Today, AMD announced that 2nd Gen AMD EPYC processors are powering the Oracle Cloud Infrastructure Compute E3 platform, bringing a new level of high-performance computing to Oracle Cloud. Using the AMD EPYC 7742 processor, the Oracle Cloud “E3 standard” and the bare metal compute instances are available today and leverage key features of the Gen AMD EPYC processors including class-leading memory bandwidth and the highest core count for an x86 data center processor. These features enable the Oracle Cloud E3 platform to be well suited for both general purpose and high bandwidth workloads such as big data analytics, memory intense workloads and Oracle business applications.
Almost two years ago, we embarked on a very successful collaboration with AMD that brought industry leading performance to numerous enterprise customers running general purpose workloads on Oracle Cloud Infrastructure,” said Vinay Kumar, vice president, product management, Oracle Cloud Infrastructure. “Today, we are launching our new Oracle Cloud E3 platform built on AMD EPYC processors. Customers will have access to virtual machines that support higher core counts, increased memory bandwidth, and the highest core count for any bare metal instance on any public cloud to run any workload.”
“Oracle Cloud has been a key partner for AMD starting with our first generation EPYC products, and we are pleased to continue this strategic collaboration today with our 2nd Gen AMD EPYC processors powering the first Oracle Cloud family of E3 instances,” said Forrest Norrod, senior vice president and general manager, Data Center and Embedded Solutions Group, AMD. “The high core count and memory bandwidth delivered by 2nd Gen AMD EPYC enables our customers, like Oracle Cloud, to provide their end users with exceptional performance and throughput for critical workloads in the cloud.”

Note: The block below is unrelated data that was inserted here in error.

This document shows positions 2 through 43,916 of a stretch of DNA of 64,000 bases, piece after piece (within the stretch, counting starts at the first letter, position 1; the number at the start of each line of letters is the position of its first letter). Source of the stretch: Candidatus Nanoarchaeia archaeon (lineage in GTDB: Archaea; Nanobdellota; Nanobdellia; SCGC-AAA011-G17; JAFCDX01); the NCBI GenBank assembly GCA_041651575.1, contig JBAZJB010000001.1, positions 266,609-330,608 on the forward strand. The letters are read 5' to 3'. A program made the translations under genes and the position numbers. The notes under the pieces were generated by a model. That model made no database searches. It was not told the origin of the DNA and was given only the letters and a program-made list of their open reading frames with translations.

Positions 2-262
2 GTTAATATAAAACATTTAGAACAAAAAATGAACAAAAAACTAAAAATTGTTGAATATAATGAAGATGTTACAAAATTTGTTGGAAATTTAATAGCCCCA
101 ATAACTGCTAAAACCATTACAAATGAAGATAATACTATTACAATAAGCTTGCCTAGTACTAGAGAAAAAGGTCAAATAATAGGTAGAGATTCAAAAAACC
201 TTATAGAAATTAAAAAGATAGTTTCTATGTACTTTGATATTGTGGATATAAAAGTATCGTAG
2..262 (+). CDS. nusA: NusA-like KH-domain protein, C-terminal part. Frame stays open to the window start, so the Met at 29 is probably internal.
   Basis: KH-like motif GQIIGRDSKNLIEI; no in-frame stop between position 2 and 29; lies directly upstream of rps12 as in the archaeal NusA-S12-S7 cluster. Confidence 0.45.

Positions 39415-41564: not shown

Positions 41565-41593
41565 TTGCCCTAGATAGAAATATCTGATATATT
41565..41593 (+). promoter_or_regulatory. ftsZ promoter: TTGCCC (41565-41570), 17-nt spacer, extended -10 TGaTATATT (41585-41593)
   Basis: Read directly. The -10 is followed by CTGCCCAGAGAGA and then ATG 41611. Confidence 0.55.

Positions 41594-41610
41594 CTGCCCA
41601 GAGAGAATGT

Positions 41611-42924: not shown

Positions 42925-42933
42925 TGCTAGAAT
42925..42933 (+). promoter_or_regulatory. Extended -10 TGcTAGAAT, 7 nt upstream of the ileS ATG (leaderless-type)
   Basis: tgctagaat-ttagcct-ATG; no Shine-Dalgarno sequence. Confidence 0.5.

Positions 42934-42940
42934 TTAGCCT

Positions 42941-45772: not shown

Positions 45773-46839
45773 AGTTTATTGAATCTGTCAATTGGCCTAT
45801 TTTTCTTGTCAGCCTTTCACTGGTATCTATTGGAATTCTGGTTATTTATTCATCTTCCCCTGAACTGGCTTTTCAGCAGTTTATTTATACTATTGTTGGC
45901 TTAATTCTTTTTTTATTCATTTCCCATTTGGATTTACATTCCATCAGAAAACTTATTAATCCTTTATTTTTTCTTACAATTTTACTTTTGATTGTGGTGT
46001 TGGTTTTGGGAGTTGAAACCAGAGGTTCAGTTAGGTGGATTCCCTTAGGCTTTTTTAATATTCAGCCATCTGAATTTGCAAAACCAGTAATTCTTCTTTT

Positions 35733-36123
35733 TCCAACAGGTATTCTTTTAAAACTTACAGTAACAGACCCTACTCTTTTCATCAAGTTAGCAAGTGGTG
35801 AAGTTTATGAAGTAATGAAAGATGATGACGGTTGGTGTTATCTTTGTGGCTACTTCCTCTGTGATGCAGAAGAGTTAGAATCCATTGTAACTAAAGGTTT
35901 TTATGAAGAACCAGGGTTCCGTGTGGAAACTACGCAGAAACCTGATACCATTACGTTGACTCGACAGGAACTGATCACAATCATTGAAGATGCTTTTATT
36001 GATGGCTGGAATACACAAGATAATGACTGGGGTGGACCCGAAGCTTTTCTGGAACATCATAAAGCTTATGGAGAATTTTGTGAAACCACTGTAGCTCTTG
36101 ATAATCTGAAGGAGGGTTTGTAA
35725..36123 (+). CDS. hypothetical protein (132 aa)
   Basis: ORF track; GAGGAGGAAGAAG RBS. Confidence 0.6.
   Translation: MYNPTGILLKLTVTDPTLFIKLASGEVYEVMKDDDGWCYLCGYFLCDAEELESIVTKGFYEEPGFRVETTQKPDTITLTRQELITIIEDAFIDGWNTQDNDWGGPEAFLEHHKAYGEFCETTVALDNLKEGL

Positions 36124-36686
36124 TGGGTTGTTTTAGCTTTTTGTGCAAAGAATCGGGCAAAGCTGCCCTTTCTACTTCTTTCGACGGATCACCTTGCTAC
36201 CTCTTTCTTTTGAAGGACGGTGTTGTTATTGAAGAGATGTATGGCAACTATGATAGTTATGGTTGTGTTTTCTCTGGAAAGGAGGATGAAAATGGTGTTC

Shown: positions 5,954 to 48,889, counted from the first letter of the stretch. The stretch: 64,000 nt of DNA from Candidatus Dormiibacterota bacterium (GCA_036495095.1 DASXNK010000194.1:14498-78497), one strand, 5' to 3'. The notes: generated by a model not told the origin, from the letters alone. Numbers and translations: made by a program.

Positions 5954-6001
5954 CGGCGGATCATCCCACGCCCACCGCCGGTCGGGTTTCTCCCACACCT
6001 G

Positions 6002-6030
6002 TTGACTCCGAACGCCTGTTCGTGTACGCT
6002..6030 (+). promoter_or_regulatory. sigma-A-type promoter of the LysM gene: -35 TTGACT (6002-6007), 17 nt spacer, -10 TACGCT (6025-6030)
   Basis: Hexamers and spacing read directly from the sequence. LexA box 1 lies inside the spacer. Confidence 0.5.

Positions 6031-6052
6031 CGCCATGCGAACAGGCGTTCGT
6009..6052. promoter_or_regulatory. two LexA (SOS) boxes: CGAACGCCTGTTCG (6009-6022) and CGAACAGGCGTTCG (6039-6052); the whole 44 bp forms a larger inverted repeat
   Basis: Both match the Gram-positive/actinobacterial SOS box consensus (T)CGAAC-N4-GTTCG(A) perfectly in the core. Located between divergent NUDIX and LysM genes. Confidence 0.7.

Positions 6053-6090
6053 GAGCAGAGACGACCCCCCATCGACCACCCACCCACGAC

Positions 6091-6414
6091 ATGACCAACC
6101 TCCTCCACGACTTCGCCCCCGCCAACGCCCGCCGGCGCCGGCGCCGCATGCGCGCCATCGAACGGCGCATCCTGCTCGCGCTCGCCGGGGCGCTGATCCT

Enabling High Performance Cloud Computing at Oracle
Powered by the AMD EPYC 7742 processor, the Oracle Cloud E3 Platform enables customers to run high performance computing (HPC) workloads such as risk simulations, molecular modeling, and contextual search.
By using the AMD EPYC 7742 processor, Oracle Cloud E3 platform can deliver even more computing performance capabilities to their growing cloud customer base, including:
- The ability to launch higher core count VMs, which now includes VMs up to 64 cores, each including simultaneous multithreading, and bare metal instances up to 128 cores.
- A higher memory-to-core ratio for memory-intensive workloads. With the high bandwidth capabilities of the AMD EPYC 7742 processor, E3 platform customers get 16 GB of memory per core – double the ratio of the current AMD EPYC processor E2 platform.
The Oracle Cloud E3 instances are currently available in US East (Ashburn), US West (Phoenix), Germany Central (Frankfurt), and Japan East (Tokyo). Within a quarter from launch, Oracle plans to have the E3 platform widely available in all its commercial regions.
Learn more about the Oracle E3 instance on the Oracle blog here.